by Azmi Bishara | | 8 July 2004
Exclusive Interview with Dr Azmi Bishara, MK, on the Hunger Strike
Azmi Bishara (AB) spoke with Johayna Marlow (JM) and John Young (JY) on Pacifica Radio
JY - Good evening, etc… Dr Bishara is currently in Occupied Palestine at the ar-Ram roadblock between Jerusalem and Ramallah where he is encamped to stand with the people of Palestine in their long struggle for Freedom. On Saturday, Dr Bishara began an open-ended hunger strike to protest the construction of the illegal Israeli Apartheid Wall now snaking its way all over Palestinian land. He now speaks with us from his protest tent.
JM – Azmi Bishara - Member of the Israeli Knesset, Prime Ministerial candidate, philosopher, professor, politician, writer - and tireless advocate for Human Rights – Citizen Azmi - marhaba and ahlan wa sahlan!
AB – Well thank you, thank you very much – good morning – at least it is morning here!
JM – Yes, yes of course! Dr Bishara – the crimes against the Palestinian people, under the 37 years of illegal Israeli occupation are uncountable. So, would you tell us why this particular crime, the Apartheid Wall, has moved you so strongly that you have decided to risk your livelihood, your health, your freedom – indeed your very life?
AB - Well, I think this is exactly the question I want to raise. With all the details of the Occupation – and the Occupation itself is full of violence and oppression (Occupation, in itself is a milieu of violence you know, an environment of violence against the Occupied: there is no way to sustain an Occupation without humiliating the Occupied - there is no other way) - but we did not determine upon a Hunger Strike on the other crimes of the Occupation – so, why do we declare it now? Exactly because this is not just another detail.
It is not just another characteristic of the Israeli Occupation. We believe that we see here something essentially different which has decisive implications for the lives of the Palestinian people, which I would sum up in the words ‘it is destroying the Palestinian society’.
I am not saying it’s a Genocide - I am saying it’s a socio-cide. It’s a kind of a destruction of a society. By putting a Wall within Palestinian neighbourhoods and between its houses, by separating people from their land; in certain cases from their schools and hospitals and so on – there is, in the illegal Israeli Wall built in the Occupied Territories, there is even more than demographic separation and trying to push the Arabs behind the Wall and take the, then unpopulated, land - take the land from the people but in certain cases they separate the Palestinian people themselves, certain places where they want to include settlements in(to Israel) so they have to include Palestinians in Israel (excluding them from Palestine). These Palestinians are walled in enclaves - real enclaves with one gate - surrounded by the Wall. For example, in certain cases we are speaking about nine villages, or eight, or seven villages - 30,000 people, 40,000 people locked behind a Wall. I mean, anything similar anywhere else in the world, in any other country in the world, would really provoke international attention – it will not be tolerated anywhere else in our world today – it shouldn’t be tolerated here. Just look around, look a Darfur, look what happened in Sudan – the next day everybody was there – not only Powell but also Kofi Annan in their attempt to send UN Security Forces.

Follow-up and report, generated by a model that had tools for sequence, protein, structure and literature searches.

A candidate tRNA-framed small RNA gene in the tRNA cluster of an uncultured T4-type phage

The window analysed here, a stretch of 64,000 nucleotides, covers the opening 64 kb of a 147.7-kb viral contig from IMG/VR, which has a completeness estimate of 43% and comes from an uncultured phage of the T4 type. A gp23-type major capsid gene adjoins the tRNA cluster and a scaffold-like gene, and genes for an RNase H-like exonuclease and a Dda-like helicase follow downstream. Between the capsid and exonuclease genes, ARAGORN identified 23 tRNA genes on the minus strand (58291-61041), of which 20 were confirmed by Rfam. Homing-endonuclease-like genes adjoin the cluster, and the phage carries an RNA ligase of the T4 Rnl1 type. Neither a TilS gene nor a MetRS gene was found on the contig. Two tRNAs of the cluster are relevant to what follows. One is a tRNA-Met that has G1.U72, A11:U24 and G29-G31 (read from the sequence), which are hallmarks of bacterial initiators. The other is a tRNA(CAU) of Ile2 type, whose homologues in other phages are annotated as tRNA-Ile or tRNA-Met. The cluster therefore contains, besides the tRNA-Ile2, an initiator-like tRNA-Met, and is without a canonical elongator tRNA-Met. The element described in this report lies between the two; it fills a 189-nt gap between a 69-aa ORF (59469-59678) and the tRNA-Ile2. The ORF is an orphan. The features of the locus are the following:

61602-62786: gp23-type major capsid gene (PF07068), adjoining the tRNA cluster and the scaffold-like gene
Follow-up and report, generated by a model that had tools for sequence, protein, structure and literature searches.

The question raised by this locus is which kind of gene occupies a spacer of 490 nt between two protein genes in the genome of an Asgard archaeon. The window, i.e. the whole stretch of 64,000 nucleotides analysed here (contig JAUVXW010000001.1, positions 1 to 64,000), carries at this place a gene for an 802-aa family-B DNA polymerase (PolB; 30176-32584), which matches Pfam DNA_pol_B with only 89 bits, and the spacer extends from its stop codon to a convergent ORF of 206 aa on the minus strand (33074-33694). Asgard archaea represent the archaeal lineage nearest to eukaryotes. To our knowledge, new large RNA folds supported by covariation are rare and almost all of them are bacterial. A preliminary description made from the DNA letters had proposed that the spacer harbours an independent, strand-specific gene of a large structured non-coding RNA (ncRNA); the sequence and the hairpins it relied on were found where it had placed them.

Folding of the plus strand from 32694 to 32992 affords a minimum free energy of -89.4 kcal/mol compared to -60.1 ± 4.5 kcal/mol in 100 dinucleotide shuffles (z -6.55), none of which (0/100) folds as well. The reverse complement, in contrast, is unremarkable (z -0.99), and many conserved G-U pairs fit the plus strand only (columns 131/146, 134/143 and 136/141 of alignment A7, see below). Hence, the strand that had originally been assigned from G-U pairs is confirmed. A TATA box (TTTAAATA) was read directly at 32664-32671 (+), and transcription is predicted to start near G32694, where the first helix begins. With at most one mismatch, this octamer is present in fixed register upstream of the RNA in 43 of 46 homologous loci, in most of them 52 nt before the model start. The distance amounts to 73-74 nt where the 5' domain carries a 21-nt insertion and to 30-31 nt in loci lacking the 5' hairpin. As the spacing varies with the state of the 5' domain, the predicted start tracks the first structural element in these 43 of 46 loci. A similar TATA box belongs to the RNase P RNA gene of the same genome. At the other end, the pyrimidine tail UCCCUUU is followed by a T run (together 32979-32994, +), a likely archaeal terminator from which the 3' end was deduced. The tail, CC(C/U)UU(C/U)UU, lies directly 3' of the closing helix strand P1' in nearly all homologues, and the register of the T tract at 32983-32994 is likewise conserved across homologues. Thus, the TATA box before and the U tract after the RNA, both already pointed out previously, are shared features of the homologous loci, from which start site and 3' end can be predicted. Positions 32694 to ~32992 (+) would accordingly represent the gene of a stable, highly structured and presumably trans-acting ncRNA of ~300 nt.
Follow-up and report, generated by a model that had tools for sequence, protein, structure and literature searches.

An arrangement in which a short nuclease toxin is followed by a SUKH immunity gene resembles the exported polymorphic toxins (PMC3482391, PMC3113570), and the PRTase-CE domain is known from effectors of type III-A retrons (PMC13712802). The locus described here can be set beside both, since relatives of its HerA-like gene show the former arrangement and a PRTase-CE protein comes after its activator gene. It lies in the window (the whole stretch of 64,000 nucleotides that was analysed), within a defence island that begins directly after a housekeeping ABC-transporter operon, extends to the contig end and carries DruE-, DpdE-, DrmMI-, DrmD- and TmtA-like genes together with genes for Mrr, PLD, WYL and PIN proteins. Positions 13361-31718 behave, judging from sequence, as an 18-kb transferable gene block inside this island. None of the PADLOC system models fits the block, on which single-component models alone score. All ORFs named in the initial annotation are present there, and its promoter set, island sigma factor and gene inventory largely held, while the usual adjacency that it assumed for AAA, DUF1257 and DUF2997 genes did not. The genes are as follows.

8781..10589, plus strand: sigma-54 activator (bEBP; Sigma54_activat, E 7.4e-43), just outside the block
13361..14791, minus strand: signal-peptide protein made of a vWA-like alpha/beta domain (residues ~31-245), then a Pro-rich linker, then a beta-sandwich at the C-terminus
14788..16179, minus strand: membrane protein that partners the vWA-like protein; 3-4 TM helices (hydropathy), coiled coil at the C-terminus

Here, not only have massacres happened in the past and nobody moved, but this time there is something really far-reaching going on - which is the destruction of the whole Palestinian Society. And I just wanted a sharp expression – a sharpening of expression – that is the Hunger Strike. Just telling the world that it is question of life and death for the Palestinian people.
JY – We wanted to let our listeners know – and we have some figures here that bring it home to the US listeners: the Wall itself is approximately 500 miles long – that is, if you built one here in the West Coast of the US it would stretch from San Francisco just to the outskirts of San Diego. Or in the East coast from south of Washington DC just to the north of Boston. It is incredibly wide – its width exceeds that of a 6 lane highway –and it rises 25 feet up into the air – that’s taller than a 2-storey house. Its cost, in US tax-dollars is $2.8 billion.
The propaganda has it that this is a ‘separation fence’ – why is it now called the Apartheid Wall? And would you tell us, Dr Bishara, about the Apartheid system that Israel is imposing upon the Palestinian people?
AB – Well, if you want the truth, actually it is worse. The Apartheid regime in South Africa did not even build Walls. That Apartheid system wanted a legal separation from the blacks. But in South Africa the whites wanted to live with the Blacks, the African Blacks: they wanted to live with them as second-class citizens.
Here we have the situation where, first, they don’t want to give the ‘natives’, in quotation marks, or as they call them in politically correct language – ‘the indigenous people’ – they don’t want to give them the status of second-class citizens or even third-class citizens – they don’t want them as citizens at all. Second, they can exclude them by transferring them, by pushing them out of the borders, like they did in 1948 by making them refugees but this will necessitate a huge massacre. And on the third option they don’t want to give them a state – as it were to get rid of the Palestinians (from the Israeli state) by giving them sovereignty, like colonial countries, separate from their colonisers.